Reagan Sees Hope on Arms Control : Feels Assurances to Gorbachev on ‘Star Wars’ May Lead to Progress
President Reagan said Friday that he hopes for progress toward arms control as a result of his repeated assurances to Soviet leader Mikhail S. Gorbachev that the United States will not use “Star Wars"--the space-based anti-missile defense research project--for offensive purposes.
In his first interview since his summit with Gorbachev ended in Geneva on Thursday, Reagan conceded that the Soviet leader held fast to his concerns about the system. But the President expressed the hope that the Soviets ultimately would realize that the United States was not pursuing it to develop a first-strike capacity.
Before the summit, Soviet officials had protested that the United States could launch a nuclear attack with impunity if it could develop a space-based shield against retaliatory Soviet missiles. And in a news conference after the summit, Gorbachev continued to insist that arms control negotiations in Geneva could make no progress until the United States abandoned the space defense project.
Soviet Fears and Concerns
But Reagan, in his interview Friday, said he has emphasized to Gorbachev his intention to make the system’s research available to the Soviets. That gesture, he said, should “answer their fears and concerns that we were coming to a militarization of space.”
Administration officials suggested that Gorbachev’s willingness to sign a joint summit statement without a dissenting paragraph about space defense indicated that the Soviets might eventually be willing to deal on arms reduction without demanding that the United States give up its space-based defense project, formally known as the Strategic Defense Initiative.
A senior official, speaking on condition he not be identified, told reporters that Gorbachev’s signature on the document released Thursday was “potentially significant” because the Soviets “came to the summit beating the drums on SDI.”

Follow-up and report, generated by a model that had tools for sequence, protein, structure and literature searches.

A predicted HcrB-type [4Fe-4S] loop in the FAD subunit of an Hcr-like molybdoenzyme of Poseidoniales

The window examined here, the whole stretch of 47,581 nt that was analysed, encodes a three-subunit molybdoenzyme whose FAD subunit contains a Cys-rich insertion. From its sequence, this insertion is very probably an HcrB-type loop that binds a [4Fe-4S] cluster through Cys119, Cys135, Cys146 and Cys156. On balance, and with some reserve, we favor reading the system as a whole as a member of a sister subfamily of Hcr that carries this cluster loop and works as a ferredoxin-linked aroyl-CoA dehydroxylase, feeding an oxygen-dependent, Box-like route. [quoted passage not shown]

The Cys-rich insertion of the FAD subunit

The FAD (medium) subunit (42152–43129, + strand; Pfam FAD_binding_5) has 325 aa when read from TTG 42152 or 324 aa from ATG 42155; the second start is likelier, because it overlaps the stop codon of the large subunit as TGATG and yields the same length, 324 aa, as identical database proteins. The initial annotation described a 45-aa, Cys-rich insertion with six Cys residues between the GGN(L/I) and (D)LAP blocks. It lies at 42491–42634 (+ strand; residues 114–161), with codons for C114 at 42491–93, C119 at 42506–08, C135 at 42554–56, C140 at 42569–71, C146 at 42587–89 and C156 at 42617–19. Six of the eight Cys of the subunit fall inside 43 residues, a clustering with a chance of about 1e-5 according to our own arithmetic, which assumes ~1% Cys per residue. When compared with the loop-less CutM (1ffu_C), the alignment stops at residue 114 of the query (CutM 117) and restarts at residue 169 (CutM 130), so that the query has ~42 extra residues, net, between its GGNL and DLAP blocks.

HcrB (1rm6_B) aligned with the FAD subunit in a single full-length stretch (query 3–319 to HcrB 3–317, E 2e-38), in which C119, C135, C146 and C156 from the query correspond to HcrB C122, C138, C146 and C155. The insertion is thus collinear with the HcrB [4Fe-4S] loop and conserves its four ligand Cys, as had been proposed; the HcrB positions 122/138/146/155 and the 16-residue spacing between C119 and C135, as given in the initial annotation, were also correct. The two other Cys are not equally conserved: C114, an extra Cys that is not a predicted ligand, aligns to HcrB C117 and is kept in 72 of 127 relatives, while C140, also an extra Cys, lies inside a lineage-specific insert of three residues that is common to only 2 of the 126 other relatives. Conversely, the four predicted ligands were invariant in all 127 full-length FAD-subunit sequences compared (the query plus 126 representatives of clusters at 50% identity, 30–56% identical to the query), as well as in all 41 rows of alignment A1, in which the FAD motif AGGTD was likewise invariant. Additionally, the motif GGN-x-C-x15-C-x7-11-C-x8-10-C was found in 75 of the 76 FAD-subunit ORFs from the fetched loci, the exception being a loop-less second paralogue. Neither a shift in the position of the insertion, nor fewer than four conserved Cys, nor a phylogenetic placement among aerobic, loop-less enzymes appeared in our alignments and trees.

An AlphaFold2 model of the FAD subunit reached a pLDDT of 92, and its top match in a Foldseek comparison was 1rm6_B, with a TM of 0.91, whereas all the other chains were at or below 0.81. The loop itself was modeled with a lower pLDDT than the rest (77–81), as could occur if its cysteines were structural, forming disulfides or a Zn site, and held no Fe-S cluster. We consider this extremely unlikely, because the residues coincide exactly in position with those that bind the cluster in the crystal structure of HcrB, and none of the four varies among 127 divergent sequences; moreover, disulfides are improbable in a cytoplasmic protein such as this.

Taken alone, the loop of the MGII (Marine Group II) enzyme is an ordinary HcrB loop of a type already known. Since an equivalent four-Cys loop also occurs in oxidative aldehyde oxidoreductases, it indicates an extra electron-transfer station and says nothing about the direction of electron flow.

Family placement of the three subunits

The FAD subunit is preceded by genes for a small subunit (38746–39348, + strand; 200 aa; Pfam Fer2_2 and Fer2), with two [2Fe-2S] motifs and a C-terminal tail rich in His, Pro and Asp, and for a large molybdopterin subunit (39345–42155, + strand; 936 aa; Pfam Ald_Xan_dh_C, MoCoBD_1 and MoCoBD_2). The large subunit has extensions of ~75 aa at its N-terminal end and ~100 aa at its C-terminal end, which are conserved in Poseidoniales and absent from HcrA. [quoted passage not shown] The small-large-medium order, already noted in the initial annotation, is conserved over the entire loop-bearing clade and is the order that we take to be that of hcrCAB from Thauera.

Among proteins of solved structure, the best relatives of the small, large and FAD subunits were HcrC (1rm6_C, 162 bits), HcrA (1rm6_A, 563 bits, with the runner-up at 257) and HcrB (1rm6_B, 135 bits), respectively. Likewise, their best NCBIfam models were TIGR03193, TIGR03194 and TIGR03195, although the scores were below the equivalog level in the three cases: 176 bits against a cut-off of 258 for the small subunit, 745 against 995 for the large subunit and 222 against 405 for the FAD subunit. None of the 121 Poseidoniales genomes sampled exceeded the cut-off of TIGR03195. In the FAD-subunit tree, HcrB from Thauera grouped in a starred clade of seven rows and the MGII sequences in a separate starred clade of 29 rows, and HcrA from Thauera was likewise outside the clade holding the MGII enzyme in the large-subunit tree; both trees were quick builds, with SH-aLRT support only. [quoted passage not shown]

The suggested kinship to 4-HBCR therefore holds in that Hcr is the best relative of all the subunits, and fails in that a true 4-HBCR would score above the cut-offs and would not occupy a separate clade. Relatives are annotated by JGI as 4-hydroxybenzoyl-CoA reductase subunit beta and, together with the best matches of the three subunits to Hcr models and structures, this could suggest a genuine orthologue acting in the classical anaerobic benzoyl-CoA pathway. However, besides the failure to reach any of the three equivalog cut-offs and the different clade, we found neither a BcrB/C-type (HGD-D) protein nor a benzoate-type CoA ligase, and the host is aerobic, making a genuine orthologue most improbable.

Reagan said Gorbachev convinced him that he sincerely believes SDI could lead to the development of “offensive nuclear weapons circling the Earth.”
The President, asked to comment about Gorbachev’s statement after the summit that the pursuit of “Star Wars” by the United States would mean that “all restraints” on arms control “will be blown to the wind,” said:
“I told him I hoped they would respond by going forward with their own research and that I felt we should come to an agreement that whenever one of us or both of us could come up with a defensive system, then let’s share it so we could get rid of the nuclear weapons.”
The President, who addressed a joint session of Congress on Thursday night after returning to Washington following a 20-hour-long schedule that included a summit ceremony in Geneva and a briefing of Western allies in Brussels, was bleary-eyed but smiling when he met Friday morning with a group of journalists.
Two other tired-looking but beaming officials who sat beside Reagan during the summit’s plenary sessions--Secretary of State George P. Shultz and White House Chief of Staff Donald T. Regan--were also made available for interviews as the Administration sought to gain maximum attention for what it considers a major diplomatic triumph by the President.
Reagan, Shultz and Regan all said that the five hours the two superpower leaders spent in one-on-one sessions with only interpreters present were crucial to the personal chemistry they developed and to their plans for two more summits, in Washington next year and in Moscow in 1987.
The one-on-one encounters, Reagan said, provided “a great measure of the success” of the summit and created the atmosphere that make it possible for the two leaders to discuss such sensitive issues as human rights.